Historians identify individual citizens' thoughts and feelings about the Civil War through analyzing letters, diaries, books, newspapers and images. They look for key words that help explain the motivation for individuals to support and sustain their side of this internal conflict. References to the Revolutionary War or words such as “Freedom,” “Union,” and “Liberty” helped Civil War-era people look back to their past to understand events in their present—much like we do by studying history today.
Sometimes, those same ideas are conveyed visually as well as or instead of in writing. The documents linked below contain images, logos, or government seals in the letterhead that demonstrate devotion to the Union through patriotic imagery during the Civil War.
- Benjamin F. Blankenship to James F. Robinson
- James Williams to James F. Robinson
- Mary Ann Burns to James F. Robinson
- John Maris to James F. Robinson
Big Picture Questions
- How do the letterheads convey meaning in their symbols, colors, or text? Do the meanings change from source to source?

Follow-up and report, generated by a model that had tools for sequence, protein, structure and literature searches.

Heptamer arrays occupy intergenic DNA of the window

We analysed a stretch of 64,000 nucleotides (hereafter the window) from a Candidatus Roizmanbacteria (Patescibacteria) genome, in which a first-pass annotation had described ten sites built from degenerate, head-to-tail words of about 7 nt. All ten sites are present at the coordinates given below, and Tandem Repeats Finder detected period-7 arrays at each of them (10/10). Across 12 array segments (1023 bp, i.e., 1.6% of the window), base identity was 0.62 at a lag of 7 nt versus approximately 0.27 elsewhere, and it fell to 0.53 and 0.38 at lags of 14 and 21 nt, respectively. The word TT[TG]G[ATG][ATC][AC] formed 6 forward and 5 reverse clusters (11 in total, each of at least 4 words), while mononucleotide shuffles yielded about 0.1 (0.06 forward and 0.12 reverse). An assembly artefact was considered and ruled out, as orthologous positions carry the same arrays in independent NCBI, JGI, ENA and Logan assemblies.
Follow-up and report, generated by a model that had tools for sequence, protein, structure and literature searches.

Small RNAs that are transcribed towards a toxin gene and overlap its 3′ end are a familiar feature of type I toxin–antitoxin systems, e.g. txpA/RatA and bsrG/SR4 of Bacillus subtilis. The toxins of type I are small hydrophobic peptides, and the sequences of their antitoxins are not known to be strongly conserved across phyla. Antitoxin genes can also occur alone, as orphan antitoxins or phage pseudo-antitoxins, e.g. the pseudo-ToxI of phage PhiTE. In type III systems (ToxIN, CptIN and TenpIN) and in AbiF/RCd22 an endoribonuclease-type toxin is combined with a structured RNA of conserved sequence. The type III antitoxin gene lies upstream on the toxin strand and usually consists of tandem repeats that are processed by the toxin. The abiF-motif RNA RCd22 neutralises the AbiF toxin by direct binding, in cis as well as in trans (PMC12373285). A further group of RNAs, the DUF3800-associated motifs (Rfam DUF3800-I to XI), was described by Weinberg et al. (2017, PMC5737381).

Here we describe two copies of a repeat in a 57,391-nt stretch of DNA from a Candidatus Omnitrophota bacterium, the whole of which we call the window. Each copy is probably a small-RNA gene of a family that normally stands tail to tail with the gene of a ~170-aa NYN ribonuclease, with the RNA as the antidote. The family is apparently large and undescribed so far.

- What do the letterheads tell you about the about the individuals writing the letters?
- Why do you think color letterheads often were considered a luxury item?
- Letter to the Governor: Have students design their own letterhead base on the designs in the prior letters, a write a letter to one of Kentucky’s three governors during the Civil War. (see example here)
- KWL: Have students complete a KWL chart on Civil War letterheads.
- Gary W. Gallagher. The Union War. Cambridge, MA: Harvard University Press, 2011.
- David M. Henkin. The Postal Age: The Emergence of Modern Communications in Nineteenth-Century America. Chicago: University of Chicago Press, 2006.